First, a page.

Rare Meteorite Grains May be from Supernova That Sparked Solar System

Supernova Sand Grains
In 2007 NASA’s Spitzer space telescope found the infrared signature of silica (sand) in the supernova remnant Cassiopeia A. The light from this exploding star first reached Earth in the 1600s. The cyan dot just off center is all that remains of the star that exploded. (Image credit: NASA/JPL-Caltech/ O. Krause (Steward Observatory))

Two surprising grains of sand in a pair of meteorites that landed on Earth suggest they were formed in a single supernova that occurred billions of years ago, new research suggests. These grains may even come from the same star explosion that sparked the formation of the solar system, scientists say.

Both meteorites were found in Antarctica, and appear to date from before the solar system was born 4.6 billion years ago. Each contains a single grain of silica (SiO2, which is the main ingredient of sand). The chemical signature of these grains is identical, and extremely rare — so rare, in fact, that scientists suspect both grains came from a single supernova. This type of supernova occurs when a massive star runs out of fuel for nuclear fusion and collapses in on itself in a giant explosion.

These are the first such grains found in primitive meteorites, and are distinct because of the type of oxygen contained in the silica. Previous research has uncovered a handful of space rocks containing silica grains enriched in oxygen-17, which is thought to be created by living stars. But a slightly heavier version of oxygen, called oxygen-18, was found in these two new grains. Oxygen-18 must be formed in a supernova. [Supernova Photos: Great Images of Star Explosions]

The silica grains are so small they are invisible to the naked eye. Using an instrument called a NanoSIMS 50 ion microprobe, which magnifies objects 20,000 times, graduate student Pierre Haenecour of Washington University in St. Louis uncovered the single grain in one of the meteorites. The other was found by Xuchao Zhao, now a scientist at the Institute of Geology and Geophysics in Beijing, China, inside a meteorite discovered by the Chinese Antarctic Research Expedition.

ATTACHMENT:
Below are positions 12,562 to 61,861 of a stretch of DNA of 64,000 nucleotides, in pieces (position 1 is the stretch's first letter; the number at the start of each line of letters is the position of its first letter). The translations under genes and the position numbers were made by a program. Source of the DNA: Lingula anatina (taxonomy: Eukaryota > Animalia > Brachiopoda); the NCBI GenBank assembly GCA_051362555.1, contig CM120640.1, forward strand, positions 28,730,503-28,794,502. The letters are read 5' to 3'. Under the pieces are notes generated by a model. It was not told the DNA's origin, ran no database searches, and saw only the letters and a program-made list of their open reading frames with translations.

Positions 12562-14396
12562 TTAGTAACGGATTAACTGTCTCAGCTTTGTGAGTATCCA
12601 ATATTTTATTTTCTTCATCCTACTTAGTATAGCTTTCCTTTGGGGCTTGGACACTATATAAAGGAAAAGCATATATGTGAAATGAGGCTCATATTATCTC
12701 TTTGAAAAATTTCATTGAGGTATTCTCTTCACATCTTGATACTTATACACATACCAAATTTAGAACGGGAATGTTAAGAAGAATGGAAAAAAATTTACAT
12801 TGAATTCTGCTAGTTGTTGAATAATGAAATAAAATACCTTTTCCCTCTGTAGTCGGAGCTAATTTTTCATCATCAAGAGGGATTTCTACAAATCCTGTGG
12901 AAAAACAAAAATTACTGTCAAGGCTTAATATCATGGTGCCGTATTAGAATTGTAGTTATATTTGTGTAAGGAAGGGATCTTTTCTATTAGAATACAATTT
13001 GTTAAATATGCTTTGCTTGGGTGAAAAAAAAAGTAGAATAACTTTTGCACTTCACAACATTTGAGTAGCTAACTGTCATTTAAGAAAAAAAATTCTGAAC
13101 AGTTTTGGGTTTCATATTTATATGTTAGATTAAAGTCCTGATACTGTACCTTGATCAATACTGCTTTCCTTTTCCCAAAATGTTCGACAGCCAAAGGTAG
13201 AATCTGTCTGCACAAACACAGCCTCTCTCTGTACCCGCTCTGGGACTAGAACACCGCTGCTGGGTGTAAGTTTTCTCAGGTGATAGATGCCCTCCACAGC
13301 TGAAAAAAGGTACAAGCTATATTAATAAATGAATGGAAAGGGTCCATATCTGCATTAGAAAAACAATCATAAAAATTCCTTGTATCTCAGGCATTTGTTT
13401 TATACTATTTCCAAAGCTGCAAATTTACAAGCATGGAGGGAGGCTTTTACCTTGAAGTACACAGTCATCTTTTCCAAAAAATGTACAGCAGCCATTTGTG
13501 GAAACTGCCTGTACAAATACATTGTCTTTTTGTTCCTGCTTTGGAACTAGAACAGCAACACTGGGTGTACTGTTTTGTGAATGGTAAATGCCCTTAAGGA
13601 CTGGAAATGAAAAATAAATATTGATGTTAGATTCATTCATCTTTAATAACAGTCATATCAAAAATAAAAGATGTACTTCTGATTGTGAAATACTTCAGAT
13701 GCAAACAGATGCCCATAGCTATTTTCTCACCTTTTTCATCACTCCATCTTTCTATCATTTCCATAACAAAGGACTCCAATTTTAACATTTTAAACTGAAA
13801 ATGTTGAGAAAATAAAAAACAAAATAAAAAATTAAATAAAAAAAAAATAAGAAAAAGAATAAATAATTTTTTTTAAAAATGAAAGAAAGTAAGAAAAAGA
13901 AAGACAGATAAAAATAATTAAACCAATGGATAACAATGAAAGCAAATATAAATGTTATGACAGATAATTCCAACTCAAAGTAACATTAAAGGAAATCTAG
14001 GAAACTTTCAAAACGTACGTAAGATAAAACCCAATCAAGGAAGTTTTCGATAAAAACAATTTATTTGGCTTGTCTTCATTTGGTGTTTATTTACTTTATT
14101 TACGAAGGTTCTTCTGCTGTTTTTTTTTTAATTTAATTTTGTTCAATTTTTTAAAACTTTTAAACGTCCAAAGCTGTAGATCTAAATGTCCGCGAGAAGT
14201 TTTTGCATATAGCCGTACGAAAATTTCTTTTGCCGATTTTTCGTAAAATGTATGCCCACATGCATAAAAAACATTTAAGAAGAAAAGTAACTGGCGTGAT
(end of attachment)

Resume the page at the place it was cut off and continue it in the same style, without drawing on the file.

Haenecour investigated just how the silica grains might have come to be, and found that their formation would have required a complex process of mixing material from various different layers of the star as it exploded.

Because the precise mixing required to create oxygen-18 is so specific, the researchers suspect that both silica grains originated in the same supernova. That supernova might even be the same explosion that gave rise to the solar system, the researchers speculated. Scientists think a shock wave from a supernova might have been the event that caused a rotating cloud of gas and dust to condense, eventually giving rise to the planets of our solar system.

As it exploded, the supernova also would have seeded the cloud with material, and some of that material may have ended up in the meteorites we find today.

The research is detailed in a paper published in the May 1 issue of Astrophysical Journal Letters.

This story was provided by SPACE.com, a sister site to LiveScience. Follow Clara Moskowitz on Twitter and Google+. Follow us @Spacedotcom, Facebook and Google+. Original article on SPACE.com.

Clara Moskowitz
Clara has a bachelor's degree in astronomy and physics from Wesleyan University, and a graduate certificate in science writing from the University of California, Santa Cruz. She has written for both Space.com and Live Science.